A new study reveals that as little as one year of musical training can have a positive impact on your brain that will last the rest of your life.
Let’s say you took violin lessons all through elementary school, but you haven’t gotten the instrument out of its case in years. Were all those lessons a waste of your parents’ money because you didn’t become a Joshua Bell-level virtuoso?
Not at all. Even though your school performance days have long since passed, a new study reveals that as little as one year of musical training can have a positive impact on your brain that will last the rest of your life.
In an experiment comparing preschooler who had taken music lessons to those who hadn’t, researcher Laurel Trainor of the Institute for Music and the Mind at Ontario’s McMaster University discovered that the musically-trained kids had larger brain responses to certain sound recognition exams. Trainor’s findings reveal the possibility that musical education can actually modify the brain’s auditory cortex, leading to better overall learning skills.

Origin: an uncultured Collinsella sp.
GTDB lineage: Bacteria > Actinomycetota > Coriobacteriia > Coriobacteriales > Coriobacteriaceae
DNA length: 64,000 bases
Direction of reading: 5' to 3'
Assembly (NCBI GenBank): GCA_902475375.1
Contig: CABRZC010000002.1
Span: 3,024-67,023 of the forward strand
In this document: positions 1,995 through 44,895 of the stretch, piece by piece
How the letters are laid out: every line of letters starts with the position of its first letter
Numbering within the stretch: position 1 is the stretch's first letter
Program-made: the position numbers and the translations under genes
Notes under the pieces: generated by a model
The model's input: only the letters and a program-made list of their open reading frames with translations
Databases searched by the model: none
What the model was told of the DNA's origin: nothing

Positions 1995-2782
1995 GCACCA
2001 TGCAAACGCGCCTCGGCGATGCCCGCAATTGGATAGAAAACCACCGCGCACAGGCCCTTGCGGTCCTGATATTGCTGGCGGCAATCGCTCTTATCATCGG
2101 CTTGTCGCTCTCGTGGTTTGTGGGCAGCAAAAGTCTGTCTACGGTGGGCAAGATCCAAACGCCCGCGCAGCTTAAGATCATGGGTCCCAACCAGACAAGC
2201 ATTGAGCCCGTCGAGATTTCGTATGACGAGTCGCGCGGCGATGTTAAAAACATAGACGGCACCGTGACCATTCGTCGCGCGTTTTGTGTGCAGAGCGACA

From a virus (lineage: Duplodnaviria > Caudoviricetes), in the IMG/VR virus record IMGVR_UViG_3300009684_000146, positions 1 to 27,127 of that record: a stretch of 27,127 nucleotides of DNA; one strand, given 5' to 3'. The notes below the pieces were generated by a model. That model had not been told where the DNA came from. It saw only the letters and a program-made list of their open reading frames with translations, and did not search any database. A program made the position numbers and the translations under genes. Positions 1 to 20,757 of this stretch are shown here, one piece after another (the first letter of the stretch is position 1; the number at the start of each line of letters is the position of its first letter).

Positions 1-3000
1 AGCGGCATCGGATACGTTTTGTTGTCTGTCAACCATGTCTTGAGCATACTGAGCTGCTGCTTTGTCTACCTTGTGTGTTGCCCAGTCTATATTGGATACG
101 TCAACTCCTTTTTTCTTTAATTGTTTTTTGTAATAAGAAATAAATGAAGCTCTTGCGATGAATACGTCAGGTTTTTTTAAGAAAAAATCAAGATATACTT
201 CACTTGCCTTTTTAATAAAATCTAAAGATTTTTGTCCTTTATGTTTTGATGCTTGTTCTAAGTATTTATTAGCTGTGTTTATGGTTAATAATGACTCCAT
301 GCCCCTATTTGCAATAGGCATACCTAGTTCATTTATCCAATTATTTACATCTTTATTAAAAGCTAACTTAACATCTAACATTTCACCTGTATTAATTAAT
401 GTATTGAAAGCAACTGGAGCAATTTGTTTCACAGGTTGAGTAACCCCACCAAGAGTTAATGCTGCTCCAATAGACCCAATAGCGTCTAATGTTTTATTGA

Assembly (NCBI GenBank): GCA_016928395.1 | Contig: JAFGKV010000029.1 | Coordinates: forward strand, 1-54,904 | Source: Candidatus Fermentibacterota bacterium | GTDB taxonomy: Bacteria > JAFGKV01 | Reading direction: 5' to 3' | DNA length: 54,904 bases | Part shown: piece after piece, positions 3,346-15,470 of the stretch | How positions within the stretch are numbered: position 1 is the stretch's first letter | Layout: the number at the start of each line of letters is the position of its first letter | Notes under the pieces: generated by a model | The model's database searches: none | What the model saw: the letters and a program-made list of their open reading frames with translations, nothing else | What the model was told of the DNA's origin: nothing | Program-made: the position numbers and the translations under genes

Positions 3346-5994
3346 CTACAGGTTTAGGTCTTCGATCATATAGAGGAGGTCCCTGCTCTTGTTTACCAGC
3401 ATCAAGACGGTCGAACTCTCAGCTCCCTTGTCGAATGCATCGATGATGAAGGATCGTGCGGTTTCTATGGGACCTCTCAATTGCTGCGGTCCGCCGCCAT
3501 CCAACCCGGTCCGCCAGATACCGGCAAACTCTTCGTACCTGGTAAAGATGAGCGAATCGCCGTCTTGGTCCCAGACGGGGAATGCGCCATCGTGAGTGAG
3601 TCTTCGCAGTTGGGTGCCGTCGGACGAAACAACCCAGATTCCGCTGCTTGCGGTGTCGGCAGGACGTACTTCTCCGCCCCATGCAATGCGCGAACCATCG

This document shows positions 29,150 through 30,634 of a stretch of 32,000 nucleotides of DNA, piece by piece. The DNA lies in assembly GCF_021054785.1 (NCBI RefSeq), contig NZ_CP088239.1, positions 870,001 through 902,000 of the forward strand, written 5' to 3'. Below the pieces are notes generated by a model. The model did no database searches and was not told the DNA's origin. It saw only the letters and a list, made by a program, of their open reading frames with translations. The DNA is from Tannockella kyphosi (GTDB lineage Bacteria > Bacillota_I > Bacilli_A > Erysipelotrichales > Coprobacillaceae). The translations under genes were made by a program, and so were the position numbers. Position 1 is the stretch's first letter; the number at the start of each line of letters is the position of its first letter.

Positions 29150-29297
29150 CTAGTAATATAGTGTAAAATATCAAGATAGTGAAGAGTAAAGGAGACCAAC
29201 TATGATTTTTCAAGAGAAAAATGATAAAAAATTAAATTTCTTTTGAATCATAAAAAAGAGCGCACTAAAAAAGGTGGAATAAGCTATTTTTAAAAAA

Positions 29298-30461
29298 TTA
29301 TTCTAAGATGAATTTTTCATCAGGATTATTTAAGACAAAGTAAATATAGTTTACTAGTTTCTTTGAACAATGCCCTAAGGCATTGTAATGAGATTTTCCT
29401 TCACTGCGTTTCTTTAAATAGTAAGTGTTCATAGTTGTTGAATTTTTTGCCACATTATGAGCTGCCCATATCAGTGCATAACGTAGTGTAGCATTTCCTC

The study’s results indicate that “musical training (but not necessarily passive listening to music) affects attention and memory, which provides a mechanism whereby musical training might lead to better learning across a number of domains,” Trainor said in a statement.
The effects of music education are even more pronounced in children with dyslexia and other language-related disabilities. “A music intervention that strengthens the basic auditory music perception skills of children with dyslexia may also remediate some of their language deficits,” said Gottfried Schlaug, who has also studied music education in relation to learning.
So, whether or not you can play a Tchaikovsky symphony part, it’s likely that your years of music lessons prepped your brain for all the presentations, emails, and adult conversations that are part of your life today. To help make sure that kids today have the same opportunities for music-inspired brain enhancement, help out by volunteering with or donating instruments to your school’s music education department, or contributing to a nationwide group like Little Kids Rock.comments powered by Disqus